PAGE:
One of the things we have to say is that the office of pastor is limited to men, as qualified by Scripture. There’s an entire pattern of biblical complementarianism, which is very important here. And we understand that Southern Baptists, I believe, still are quite aware and quite convictional about the fact that the Office of Pastor’s restricted to men. Now, here’s where confusion among us becomes very dangerous and very subversive to our ability to cooperate. That’s why I believe that it’s very important that we recognize, that our confession of faith, the Baptist Faith and Message comes with very clear assertions and it comes with consequences. Inevitably, we are going to have to define many of these issues by how much we really are in friendly cooperation with one another. Now, there are those who say this is just one of those issues that has arisen.

It’s not central and essential. Let me just say that the Southern Baptist Convention has been struggling with this issue and seeking to articulate this conviction for 40 years. This is not a suddenly developing issue. What has arisen is the fact that some churches are, quite honestly, straightforwardly telling us that they are basically out of sync with the Southern Baptist Convention on the issue of women preaching and women holding a pastoral office. And this is where honestly, I think the only way for the Southern Baptist Convention to deal with this is to do so by some mechanisms such as the bylaw amendment that was adopted last year and approved and now comes before messengers again. I really believe that this bylaw is very important. I believe that it isn’t developing anything new for the SBC in terms of conviction, but it’s basically just applying the convictions we’ve been saying for decades frame the reality of our cooperation.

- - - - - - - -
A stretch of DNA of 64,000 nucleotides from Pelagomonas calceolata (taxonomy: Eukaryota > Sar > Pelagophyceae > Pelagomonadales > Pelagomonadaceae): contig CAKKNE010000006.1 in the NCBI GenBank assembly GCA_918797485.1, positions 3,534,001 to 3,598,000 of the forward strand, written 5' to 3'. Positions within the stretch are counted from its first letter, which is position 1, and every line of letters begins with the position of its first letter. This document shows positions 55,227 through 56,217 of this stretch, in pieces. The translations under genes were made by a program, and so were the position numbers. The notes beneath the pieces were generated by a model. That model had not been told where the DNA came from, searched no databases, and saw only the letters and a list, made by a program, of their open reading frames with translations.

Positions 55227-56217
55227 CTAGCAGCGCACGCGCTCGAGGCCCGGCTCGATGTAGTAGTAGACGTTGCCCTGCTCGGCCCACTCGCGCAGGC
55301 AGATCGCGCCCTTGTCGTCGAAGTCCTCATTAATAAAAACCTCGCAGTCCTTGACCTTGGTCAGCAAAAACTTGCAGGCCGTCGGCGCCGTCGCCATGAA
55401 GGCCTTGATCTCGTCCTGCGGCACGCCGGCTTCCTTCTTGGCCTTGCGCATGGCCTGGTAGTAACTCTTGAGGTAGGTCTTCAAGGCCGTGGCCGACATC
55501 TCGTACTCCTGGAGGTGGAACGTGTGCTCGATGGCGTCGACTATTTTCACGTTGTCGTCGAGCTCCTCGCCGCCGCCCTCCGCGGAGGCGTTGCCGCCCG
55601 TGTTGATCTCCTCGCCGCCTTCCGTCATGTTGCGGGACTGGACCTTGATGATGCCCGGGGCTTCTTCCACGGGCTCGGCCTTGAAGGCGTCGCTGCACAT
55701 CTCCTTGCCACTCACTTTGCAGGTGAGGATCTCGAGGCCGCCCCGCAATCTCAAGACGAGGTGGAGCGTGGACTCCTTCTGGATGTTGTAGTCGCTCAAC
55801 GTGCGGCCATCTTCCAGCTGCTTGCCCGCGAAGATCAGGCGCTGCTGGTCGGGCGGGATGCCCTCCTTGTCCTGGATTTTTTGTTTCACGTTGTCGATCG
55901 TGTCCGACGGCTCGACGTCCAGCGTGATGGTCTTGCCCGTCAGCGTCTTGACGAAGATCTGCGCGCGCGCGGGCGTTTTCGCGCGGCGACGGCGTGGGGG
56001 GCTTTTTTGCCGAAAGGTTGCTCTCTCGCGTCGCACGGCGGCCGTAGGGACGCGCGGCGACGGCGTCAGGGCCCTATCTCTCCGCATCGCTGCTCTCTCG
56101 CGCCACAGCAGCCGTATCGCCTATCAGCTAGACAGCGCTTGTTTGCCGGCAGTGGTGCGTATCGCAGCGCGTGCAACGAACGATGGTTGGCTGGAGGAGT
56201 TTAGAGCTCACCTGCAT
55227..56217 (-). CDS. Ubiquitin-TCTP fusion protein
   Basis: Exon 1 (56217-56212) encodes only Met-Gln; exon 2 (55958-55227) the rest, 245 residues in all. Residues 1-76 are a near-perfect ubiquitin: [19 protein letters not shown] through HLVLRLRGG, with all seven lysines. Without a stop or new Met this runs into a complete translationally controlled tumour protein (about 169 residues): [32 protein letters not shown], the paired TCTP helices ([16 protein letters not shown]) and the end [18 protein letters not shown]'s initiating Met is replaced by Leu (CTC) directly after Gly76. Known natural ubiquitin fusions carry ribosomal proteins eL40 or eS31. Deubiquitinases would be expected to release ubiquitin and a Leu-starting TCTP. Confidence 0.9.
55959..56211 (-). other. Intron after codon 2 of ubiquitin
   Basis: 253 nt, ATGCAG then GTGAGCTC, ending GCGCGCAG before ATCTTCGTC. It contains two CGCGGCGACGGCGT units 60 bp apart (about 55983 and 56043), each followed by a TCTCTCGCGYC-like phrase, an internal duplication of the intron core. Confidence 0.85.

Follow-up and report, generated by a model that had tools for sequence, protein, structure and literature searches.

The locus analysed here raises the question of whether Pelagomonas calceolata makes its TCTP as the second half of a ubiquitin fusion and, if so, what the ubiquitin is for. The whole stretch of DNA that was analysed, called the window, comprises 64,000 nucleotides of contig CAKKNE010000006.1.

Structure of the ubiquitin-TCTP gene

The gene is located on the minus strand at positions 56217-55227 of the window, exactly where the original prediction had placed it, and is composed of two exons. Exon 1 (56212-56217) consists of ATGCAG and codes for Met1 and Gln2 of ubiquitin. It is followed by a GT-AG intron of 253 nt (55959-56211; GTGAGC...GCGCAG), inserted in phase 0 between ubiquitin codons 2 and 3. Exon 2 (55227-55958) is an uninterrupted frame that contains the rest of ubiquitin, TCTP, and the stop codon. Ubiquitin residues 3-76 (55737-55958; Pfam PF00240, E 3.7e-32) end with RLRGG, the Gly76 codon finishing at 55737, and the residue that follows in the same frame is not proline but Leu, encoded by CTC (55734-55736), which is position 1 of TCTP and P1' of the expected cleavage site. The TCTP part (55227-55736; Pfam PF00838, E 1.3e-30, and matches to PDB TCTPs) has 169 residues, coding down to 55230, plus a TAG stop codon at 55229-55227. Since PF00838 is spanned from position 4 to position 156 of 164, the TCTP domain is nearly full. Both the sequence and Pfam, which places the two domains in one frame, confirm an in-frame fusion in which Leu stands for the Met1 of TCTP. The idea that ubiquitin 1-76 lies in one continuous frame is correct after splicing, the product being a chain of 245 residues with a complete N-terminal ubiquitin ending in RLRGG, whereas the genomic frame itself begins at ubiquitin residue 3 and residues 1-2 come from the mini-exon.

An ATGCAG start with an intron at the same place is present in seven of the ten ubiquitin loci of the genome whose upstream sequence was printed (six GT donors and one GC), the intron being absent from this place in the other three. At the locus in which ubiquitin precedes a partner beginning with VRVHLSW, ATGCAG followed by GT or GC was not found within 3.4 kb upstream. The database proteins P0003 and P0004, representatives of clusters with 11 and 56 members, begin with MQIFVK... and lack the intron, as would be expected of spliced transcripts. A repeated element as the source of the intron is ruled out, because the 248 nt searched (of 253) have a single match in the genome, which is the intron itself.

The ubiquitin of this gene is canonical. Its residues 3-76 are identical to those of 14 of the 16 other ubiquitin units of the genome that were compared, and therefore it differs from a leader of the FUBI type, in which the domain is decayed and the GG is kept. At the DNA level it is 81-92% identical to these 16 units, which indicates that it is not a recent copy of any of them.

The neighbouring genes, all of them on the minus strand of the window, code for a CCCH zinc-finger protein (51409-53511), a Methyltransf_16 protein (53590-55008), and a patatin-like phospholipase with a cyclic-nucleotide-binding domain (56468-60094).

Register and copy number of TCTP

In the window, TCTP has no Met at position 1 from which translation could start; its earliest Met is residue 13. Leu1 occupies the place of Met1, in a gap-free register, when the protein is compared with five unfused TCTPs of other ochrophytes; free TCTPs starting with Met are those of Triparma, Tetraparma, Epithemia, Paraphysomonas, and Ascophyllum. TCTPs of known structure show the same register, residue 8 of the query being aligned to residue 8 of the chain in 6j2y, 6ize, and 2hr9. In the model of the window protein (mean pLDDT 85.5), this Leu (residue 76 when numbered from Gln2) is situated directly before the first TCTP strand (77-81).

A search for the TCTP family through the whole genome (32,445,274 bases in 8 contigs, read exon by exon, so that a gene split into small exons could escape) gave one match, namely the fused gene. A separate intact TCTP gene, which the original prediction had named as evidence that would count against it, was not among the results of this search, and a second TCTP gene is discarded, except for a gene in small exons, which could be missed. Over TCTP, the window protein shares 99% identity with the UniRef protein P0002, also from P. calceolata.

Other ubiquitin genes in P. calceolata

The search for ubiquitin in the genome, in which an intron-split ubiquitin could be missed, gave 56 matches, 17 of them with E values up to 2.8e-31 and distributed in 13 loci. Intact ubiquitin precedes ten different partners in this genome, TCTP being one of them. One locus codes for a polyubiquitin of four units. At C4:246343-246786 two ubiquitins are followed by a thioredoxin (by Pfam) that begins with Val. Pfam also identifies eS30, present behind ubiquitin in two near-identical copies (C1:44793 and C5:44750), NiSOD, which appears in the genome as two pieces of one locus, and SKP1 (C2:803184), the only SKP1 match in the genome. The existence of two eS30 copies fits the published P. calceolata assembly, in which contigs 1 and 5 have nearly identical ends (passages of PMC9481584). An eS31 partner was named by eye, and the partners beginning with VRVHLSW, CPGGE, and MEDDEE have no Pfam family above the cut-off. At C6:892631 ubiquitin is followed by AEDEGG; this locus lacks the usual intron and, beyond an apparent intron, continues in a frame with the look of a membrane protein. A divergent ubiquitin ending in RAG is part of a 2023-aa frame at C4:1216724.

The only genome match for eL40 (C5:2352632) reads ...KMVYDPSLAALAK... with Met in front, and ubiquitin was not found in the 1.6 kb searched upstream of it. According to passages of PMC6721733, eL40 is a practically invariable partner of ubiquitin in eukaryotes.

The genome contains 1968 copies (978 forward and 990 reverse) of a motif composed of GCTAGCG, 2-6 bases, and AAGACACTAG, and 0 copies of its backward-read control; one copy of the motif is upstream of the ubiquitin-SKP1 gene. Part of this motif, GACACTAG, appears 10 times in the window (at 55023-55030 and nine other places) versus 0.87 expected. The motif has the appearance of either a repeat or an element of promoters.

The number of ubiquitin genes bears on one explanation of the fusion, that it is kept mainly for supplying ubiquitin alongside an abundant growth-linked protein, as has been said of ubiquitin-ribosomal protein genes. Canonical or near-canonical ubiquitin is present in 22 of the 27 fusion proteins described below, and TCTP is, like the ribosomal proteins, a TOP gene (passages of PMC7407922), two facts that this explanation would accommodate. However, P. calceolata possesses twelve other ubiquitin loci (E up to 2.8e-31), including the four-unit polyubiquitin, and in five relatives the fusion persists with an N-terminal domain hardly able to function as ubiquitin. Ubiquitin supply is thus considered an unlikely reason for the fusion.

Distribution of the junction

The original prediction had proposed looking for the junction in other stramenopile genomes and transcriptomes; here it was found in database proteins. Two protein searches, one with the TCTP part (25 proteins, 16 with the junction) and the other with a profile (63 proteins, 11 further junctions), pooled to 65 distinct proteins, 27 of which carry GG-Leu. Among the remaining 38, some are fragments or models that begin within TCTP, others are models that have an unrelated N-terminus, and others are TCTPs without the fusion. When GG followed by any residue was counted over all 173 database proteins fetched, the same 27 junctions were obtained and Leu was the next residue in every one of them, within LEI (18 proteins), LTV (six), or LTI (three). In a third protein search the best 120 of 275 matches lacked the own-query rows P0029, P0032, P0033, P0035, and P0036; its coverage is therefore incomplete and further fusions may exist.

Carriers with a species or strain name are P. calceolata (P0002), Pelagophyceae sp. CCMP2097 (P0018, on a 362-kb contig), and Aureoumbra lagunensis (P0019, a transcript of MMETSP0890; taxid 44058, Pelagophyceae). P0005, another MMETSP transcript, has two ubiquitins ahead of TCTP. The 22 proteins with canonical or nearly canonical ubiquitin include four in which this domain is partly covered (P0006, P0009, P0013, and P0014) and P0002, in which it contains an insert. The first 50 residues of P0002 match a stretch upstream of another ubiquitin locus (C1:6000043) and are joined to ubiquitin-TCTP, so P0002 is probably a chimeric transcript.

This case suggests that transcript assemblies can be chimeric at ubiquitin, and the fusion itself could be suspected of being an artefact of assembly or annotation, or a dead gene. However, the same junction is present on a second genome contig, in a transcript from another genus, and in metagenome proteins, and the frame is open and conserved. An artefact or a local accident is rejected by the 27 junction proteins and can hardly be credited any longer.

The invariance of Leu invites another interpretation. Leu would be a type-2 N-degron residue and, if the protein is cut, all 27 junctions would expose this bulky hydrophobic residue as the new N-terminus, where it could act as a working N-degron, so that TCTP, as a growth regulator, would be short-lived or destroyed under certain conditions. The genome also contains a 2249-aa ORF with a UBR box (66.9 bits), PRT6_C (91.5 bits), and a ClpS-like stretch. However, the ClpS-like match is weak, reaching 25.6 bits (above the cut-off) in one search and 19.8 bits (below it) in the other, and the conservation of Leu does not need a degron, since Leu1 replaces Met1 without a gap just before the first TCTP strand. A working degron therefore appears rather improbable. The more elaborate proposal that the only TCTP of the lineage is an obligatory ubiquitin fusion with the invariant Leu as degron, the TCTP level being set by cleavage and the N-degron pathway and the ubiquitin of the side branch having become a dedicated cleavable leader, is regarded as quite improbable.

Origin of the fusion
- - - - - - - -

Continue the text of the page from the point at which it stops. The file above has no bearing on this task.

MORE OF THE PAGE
I also want to say that even as I support the amendment and hope to see it passed again and overwhelmingly as a statement of common conviction, I want to point back to the convention just last year, 2023 in New Orleans when it came to dealing with this question with some specific churches, the SBC did so with clarity and with overwhelming consensus. That didn’t mean it was easy, but it did mean that Southern Baptists recognized it was important. I don’t want to set up the Southern Baptist Convention to have to do this year after year after year as if we don’t know where we stand on this issue. Southern Baptists really do believe in the autonomy of the local church. We can’t force any church to be a part of the Southern Baptist Convention, but the SBC also has the responsibility to define what are the boundaries, what is the basis, the foundation for the cooperation that brings us together for common work. And so the phrase, the autonomy of the local church is precious to us because a church that disagrees with us is free to go associate with churches with whom they’re in full agreement. The Southern Baptist Convention also has the equal right, and the responsibility to set the parameters of our own cooperation. Now, let’s be clear. No one said that’s going to be easy. Frankly, we don’t even know what issues we might face in a matter of just a few short years, but I do know this: given shape of the culture, given the secularizing pressures of the age, I don’t think anyone thinks that list is going to get shorter. I think in honesty, we all recognize it’s going to get longer. Southern Baptists just want to make sure we get the list right.